Abstract 17260: Role of Exosomes in Pericardial Fluid-mediated Cardiac Regeneration
Background: We recently demonstrated that epicardial stem cells participate to the regenerative response following myocardial infarction (MI) and factors released in the pericardial fluid (PF) may play a key role in this process. Exosomes are secreted microvescicles of endocytic origin, identified in most body fluids, which may contain proteins able to modulate cell functions. Here, we investigated whether exosomes are present in the PF and their role in epicardial stem cell-mediated cardiac repair.
Methods and Results: Exosomes were identified in PFs from non-infarcted patients (PFC) and patients with acute myocardial infarction (PFMI). A shotgun proteomics analysis of exosomes from PFC and PFMI was used to identify differentially expressed proteins in these microvescicles. We identified Clusterin in exosomes isolated from PFMI but not from PFC. Notably, Clusterin is an important mediator of TGFb-induced epithelial-to-mesenchymal transition (EMT), a key process which regulates epicardial cell activation and differentiation. Both q-RTPCR and Immunohistochemical studies showed cardiomyocytes expressing Clusterin in the infarcted region 3 days following MI. The importance of EMT in PF-induced epicardial cells was confirmed by gene expressions studies on epicardial cells from infarcted mouse hearts in the presence and in the absence of PF. Three days following MI, the expression of genes related to EMT, i.e. Snai1 and Twist1 were increased in the presence of PF. Noteworthing, EMT genes were specifically upregulated in epicardial cells expressing the stem cell antigen c-kit as demonstrated by in vitro studies. In vivo studies are ongoing to demonstrate the involvement of clusterin in the PFMI induction of EMT and myocardial repair.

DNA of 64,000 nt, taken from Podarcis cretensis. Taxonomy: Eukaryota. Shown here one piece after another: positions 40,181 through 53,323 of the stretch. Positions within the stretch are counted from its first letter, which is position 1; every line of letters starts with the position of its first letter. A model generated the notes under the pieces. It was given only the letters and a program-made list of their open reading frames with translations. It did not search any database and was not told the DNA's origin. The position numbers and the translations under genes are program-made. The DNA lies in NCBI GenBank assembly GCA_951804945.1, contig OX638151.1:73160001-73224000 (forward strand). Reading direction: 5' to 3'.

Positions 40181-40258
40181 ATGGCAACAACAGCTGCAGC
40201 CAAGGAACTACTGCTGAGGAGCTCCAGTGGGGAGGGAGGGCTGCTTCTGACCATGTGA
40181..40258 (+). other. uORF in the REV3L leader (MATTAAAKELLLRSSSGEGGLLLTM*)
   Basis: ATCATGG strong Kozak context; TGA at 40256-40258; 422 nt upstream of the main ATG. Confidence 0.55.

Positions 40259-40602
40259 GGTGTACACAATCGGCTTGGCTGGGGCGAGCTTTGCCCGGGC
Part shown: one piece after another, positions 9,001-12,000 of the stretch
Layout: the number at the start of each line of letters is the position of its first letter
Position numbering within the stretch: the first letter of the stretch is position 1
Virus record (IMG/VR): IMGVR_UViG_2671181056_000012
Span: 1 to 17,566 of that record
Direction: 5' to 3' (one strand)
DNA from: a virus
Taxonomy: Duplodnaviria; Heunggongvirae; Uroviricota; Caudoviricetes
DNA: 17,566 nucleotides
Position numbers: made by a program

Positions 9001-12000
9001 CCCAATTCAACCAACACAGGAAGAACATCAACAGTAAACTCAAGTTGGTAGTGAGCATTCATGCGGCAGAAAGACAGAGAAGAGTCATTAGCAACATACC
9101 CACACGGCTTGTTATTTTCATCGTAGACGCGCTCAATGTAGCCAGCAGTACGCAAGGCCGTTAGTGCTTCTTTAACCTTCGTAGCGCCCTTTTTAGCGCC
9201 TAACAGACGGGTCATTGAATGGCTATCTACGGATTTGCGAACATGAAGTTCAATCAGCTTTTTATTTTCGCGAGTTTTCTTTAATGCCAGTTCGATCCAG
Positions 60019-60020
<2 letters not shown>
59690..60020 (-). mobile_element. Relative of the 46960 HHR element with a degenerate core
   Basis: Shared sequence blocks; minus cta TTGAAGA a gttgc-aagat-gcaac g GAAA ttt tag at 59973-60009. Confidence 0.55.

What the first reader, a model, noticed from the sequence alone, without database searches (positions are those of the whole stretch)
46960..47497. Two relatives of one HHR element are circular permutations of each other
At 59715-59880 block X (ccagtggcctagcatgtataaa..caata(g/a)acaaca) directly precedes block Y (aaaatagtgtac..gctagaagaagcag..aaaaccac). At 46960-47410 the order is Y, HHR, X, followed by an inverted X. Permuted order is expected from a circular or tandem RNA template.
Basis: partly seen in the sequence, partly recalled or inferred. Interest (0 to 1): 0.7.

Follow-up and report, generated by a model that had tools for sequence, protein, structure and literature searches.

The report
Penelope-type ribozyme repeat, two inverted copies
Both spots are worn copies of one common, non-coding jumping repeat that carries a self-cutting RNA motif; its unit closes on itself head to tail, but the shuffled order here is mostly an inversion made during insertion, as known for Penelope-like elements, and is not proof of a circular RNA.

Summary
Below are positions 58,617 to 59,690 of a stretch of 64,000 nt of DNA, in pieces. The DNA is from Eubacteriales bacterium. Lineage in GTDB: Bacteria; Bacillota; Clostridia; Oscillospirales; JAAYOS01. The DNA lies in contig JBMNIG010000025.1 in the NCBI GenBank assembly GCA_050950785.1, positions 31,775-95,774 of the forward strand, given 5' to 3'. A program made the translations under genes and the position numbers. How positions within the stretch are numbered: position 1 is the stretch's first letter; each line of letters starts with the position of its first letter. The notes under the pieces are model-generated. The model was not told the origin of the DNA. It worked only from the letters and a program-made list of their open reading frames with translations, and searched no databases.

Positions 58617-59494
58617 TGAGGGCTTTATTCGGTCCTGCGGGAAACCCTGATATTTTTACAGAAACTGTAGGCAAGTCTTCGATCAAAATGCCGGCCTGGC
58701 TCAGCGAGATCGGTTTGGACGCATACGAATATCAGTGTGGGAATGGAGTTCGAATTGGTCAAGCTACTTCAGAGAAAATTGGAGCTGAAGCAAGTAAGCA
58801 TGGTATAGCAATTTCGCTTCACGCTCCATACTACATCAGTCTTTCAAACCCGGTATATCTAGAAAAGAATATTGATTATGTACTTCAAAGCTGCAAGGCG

Conclusions: Exosomes are present in the PFs. Clusterin was identified only in PFMI and may account, at least in part, for epicardial EMT and myocardial regeneration following MI.
- © 2013 by American Heart Association, Inc.